I think what makes Graham such a likable character with all his faults is his ability to feel empathy for the victims. He gets to know them on such a personal level that he feels close to them. It’s almost the same way the killer connects with the families. If he can learn about them, then Graham can get inside the head of the psychopath and figure out his next move.
In stark contrast, we have Francis Dollarhyde. Harris sets him up as this evil man, and of course, we want Graham to find him and bring him to justice. But, halfway through the book, we get up close and personal with Dollarhyde. Harris goes into great detail to give us his backstory. Now, most of the time I cannot stand interrupting the story for a massive background dump, but Harris did it in such a way that the story would not work without it. For us to understand Dollarhyde, we had to get to know him. His mother abandoned him because of a cleft pallet. As a mom, I cringed at the thought of someone doing this to an innocent child. It made me wonder if she had accepted him would he have been different? Of course, without his haunted and tragic background, we would not have a story. But, it still makes me wonder.
At first, I cheered when the Grandmother came to “rescue” him from the orphanage. That is until we got a closer look at her. She was downright disconnected from even her own family. There was this holier-than-thou attitude she had, and it made me sick the way she treated him. In giving his backstory, Harris garnered sympathy from the reader. I think it was critical that the reader had some form of Sympathy for Dollarhyde. It’s not that I wanted him to get away. I wanted him punished for the crimes he committed, but I wanted to see him change and stop trying to kill people. He was a weird reversal of the Oedipus Rex complex. But instead of just killing the father to marry the mother. Dollarhyde killed everyone including the women he was trying to connect with.
I would be remised if I did not talk about Hannibal Lector for a few sentences. Even though he was not in the forefront of the story he played a crucial role. Lector’s character is one that leaves us with chills every time he speaks. He is so eloquent and refined until he decides he wants to eat you. He drove the story forward when needed. If it were not for him being consulted in the beginning, then Dollarhyde would not have reached out and set into motion events leading to his downfall.
Overall, this book will not be a bore to read. It is engaging, and I felt like I was walking with the characters trying to solve this puzzle. They thrilled me and sent chills all over my body as I got up close and personal with the killers.

The Sculptor by Gina Fava

The Sculptor by Gina Fava was a fast paced, action packed horror novel. I loved how the pacing never seemed to slow down. There was always something going on in this book to help push the story forward.

The story starts off with Mara Silvestri on a flight to Rome where she is attending business school and intends to spread her father’s ashes on the countryside of his childhood home. As I read the story, it was clear that she knew there was a murderer on the loose and murdering students from her new school. My first thought was why in the world would anyone want to go to a school where a murdered is picking off students one by one. But, if she had not gone, then we would have read a much different story.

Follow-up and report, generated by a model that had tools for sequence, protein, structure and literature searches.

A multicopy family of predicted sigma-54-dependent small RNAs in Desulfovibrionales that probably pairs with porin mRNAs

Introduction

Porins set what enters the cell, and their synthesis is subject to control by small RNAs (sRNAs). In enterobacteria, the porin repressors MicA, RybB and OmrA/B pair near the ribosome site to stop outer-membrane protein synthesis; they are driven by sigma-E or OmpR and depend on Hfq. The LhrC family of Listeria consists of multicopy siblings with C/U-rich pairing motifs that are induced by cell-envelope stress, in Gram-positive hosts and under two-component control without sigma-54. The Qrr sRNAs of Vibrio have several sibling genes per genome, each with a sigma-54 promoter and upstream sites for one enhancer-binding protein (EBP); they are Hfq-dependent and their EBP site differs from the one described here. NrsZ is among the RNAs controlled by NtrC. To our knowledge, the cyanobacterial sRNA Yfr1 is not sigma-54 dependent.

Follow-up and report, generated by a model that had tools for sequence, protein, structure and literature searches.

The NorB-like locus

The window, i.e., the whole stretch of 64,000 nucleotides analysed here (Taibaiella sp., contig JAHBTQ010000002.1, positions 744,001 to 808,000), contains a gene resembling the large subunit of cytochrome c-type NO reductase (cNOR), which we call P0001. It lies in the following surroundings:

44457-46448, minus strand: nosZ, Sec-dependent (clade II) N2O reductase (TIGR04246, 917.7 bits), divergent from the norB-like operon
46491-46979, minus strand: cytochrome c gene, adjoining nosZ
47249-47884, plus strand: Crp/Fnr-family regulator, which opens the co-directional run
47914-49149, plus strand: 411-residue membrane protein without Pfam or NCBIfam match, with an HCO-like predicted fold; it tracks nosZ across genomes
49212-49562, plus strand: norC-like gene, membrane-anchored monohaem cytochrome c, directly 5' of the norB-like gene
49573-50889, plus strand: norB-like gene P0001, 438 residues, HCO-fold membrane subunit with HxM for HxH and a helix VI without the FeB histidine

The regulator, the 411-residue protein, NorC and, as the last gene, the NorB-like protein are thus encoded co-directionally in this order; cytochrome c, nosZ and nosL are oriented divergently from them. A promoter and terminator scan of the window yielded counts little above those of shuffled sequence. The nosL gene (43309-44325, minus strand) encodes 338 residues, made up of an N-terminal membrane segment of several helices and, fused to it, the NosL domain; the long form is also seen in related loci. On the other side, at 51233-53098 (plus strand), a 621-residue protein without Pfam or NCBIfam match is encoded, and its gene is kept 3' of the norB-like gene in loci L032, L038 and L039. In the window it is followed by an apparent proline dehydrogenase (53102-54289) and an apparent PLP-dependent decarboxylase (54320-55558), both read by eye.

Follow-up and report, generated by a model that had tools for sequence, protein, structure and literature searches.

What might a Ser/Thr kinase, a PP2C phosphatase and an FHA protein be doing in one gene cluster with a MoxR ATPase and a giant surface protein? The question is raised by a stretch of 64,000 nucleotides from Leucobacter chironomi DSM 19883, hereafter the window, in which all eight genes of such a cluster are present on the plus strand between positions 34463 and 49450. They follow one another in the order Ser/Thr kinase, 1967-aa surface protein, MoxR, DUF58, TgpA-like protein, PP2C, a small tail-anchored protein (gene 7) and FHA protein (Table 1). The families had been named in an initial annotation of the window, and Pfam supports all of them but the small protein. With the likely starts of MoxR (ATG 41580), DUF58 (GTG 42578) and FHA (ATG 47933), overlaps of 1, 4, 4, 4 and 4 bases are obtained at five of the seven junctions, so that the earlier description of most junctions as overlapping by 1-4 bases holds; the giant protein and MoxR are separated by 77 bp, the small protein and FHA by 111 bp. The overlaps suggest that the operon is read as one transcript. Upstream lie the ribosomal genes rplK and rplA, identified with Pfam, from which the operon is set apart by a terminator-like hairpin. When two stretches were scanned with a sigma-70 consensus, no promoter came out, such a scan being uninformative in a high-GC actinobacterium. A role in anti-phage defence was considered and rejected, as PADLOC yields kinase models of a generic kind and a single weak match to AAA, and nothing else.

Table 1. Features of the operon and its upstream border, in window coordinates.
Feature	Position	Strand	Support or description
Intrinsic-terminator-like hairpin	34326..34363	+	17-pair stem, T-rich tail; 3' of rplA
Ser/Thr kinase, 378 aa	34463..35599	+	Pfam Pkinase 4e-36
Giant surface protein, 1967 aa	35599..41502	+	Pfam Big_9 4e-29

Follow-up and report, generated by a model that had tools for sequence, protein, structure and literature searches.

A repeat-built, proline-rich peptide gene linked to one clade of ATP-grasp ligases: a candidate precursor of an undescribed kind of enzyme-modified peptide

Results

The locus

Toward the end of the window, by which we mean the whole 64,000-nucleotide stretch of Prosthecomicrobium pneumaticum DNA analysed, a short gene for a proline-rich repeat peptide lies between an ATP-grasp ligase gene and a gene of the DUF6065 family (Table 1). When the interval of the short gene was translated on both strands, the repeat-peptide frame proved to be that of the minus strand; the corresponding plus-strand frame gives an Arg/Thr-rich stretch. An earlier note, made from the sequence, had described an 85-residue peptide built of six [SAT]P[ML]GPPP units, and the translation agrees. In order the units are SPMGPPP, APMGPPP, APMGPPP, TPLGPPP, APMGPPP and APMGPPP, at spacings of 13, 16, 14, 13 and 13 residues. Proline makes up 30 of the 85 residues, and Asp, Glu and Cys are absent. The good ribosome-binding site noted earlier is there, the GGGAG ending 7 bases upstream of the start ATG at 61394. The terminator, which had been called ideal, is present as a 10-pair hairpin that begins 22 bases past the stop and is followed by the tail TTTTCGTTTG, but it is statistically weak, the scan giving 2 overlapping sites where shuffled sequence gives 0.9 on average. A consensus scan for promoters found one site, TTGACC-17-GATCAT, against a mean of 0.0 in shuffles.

There were a lot of characters that wove their way in and out of the story. I think that Fava did a pretty good job keeping the characters clear and giving each one a distinctive personality. She achieved this a couple of different ways. I noticed that each character had their own way of speaking or conveying information, some had specific mannerism, and others were called a unique nickname throughout the story. Take Mara’s best friend, Kristen. Kristen always had a pair of cuticle scissors with her, and she was constantly trimming the split ends from her hair. In contrast, Professor Jack Sugardale was always referred to as Signore Jack, and he called every woman he met, little lady.

I enjoyed all the twist and turns as Mara and Jesse tried to uncover who the Sculptor was. I was glad that the murders were known to us and that it was not someone we had not met yet (this is a spoiler if you haven’t read the story) but, there was the twist at the end that let us know that the real Sculptor was still out there. Fava even leaves more clues at the end of the story without telling us who the mastermind is.

Fava had plenty of light-hearted moments through the story that helped to balance all the gruesome murders, which I felt contributed to keeping the story interesting. I would have liked more tension between Mara and Jesse. I felt their relationship went way to fast. At the beginning of the book Mara is attracted to Jesse, then she can’t stand him, and a few pages later she’s kissing him, but I guess that can happen in real life just probably not centered around a murder or a group of murders. Some of the descriptions used to describe the characters were funny. My favorite line was, “She took hold of his arm, impressed by the sheer bulk of his python-like biceps,” (Fava 62). Yes, this is a cheesy line to me, but it was also funny. As we write we are always told to find new ways to describe something that has been described a million times over.

Overall, I enjoyed the story. I like how it was faced paced, and everything that happened pushed the story forward. The twist and turns were fun to navigate in-between all the grotesque murders.